MANILA - The Department of National Defense (DND) has maintained that the Philippines adheres to the One-China policy but stressed that dialogue must prevail in the escalating tensions between China and Taiwan.
Defense officer-in-charge Jose Faustino Jr. met with his United States counterpart, US Defense Secretary Lloyd Austin III, in Honolulu, Hawaii on Thursday to discuss the two countries’ bilateral relations.
Tensions in the Taiwan Strait soared to their highest level in years in August after US House Speaker Nancy Pelosi visited Taipei.
Faustino urged all concerned parties to exercise restraint and diplomacy.
“On the tensions over the Taiwan Strait, I would like to emphasize the statement of our President. The principle guiding foreign policy is always peace, and the Philippines is concerned with the recent security developments in Taiwan, the Taiwan Strait particularly, which is just near our territory,” he said.
He added that the country’s priority is the safety of Filipinos living and working in Taiwan.
“In view of the volatile situation in the cross Straits, the Philippines’ immediate concern is the safety of our OFWs in Taiwan, which is at this point, numbering to around 130,000 to 150,000 OFWs. We continue to update and enhance our contingency plans,” Faustino said.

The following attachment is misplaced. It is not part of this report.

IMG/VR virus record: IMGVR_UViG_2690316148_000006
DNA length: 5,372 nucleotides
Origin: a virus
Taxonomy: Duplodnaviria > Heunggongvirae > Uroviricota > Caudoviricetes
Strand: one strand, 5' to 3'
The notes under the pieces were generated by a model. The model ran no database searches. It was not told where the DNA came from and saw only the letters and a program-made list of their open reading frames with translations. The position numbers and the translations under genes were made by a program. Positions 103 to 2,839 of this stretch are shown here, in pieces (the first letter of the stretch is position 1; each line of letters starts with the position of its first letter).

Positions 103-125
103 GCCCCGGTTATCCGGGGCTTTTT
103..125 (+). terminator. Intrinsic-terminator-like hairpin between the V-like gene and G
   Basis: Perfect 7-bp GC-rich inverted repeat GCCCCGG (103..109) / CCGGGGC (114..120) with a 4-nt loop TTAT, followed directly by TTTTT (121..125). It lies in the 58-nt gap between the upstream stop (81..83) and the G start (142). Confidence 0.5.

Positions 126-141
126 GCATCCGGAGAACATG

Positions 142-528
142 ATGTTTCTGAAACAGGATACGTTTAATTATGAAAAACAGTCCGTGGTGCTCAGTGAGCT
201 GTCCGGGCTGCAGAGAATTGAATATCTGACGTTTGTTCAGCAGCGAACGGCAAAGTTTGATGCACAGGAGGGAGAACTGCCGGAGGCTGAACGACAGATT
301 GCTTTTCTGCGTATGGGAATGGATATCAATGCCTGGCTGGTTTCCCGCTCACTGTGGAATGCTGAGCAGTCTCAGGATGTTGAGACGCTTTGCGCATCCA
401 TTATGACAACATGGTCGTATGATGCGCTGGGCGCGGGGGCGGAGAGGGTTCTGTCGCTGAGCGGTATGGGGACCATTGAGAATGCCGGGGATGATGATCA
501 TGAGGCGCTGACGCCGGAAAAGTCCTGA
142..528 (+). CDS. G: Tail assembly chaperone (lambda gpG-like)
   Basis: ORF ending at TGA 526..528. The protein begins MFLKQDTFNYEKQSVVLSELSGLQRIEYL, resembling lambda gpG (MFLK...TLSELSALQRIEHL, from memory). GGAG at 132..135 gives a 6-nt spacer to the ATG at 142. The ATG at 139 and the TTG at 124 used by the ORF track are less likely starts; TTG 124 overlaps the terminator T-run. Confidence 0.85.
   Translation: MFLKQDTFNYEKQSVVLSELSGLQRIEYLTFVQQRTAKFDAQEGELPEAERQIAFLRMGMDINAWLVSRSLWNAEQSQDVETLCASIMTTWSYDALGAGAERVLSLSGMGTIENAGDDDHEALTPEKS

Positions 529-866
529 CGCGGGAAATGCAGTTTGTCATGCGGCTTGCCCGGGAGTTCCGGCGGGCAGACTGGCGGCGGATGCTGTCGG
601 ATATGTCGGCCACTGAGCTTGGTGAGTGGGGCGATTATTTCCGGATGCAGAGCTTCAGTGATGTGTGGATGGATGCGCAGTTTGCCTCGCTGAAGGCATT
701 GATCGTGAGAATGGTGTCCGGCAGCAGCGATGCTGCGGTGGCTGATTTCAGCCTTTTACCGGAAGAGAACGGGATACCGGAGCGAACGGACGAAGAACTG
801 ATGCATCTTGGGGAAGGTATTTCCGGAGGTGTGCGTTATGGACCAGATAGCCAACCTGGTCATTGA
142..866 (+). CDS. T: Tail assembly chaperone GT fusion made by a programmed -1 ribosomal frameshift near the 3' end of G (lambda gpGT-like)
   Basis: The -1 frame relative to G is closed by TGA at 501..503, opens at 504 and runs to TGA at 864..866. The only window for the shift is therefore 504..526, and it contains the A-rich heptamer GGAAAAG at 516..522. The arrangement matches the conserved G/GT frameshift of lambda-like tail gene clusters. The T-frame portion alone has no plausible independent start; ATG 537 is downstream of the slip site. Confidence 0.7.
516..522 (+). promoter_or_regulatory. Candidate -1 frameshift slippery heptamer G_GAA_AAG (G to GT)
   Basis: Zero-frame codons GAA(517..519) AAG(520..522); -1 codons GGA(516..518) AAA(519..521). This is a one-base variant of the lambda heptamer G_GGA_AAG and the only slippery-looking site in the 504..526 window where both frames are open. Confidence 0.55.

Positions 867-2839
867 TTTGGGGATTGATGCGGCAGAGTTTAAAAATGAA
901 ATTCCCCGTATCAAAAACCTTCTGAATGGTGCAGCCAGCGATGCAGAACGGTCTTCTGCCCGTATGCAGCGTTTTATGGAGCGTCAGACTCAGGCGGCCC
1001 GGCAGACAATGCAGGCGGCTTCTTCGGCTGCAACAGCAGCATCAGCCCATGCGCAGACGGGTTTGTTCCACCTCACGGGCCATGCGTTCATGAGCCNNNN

He went on, “It is also imperative to regularly update and exercise the PH-US mutual defense concept plan under the ambit of the MDT [Mutual Defense Treaty] based on our dynamic security environment.”
Austin, meanwhile, said the US does not want to see “any type of unilateral change to the status quo” in the Taiwan Strait.
“We are focused on making sure that we are working together to maintain a free and open Indo-Pacific,” the US official said.
Malacañang, during the height of the tensions in Taiwan Strait last month, said it would not change its adherence to the One-China policy.
President Ferdinand Marcos, Jr. had called for the peaceful resolution of the tensions in the area just north of the Philippines, which he described as "concerning."
Under the One-China principle, Beijing regards Taiwan as part of its territory despite the island asserting it is a self-governing entity.
Manila's recognition of the People's Republic of China as the sole legal government of China and that Taiwan is an integral part of the Chinese territory were spelled out in a 1975 joint communique that established the two countries' diplomatic relations.
The Philippines maintains an unofficial link with Taiwan through the Manila Economic and Cultural Office (MECO).
— With reports from Job Manahan and Ronron Calunsod, ABS-CBN News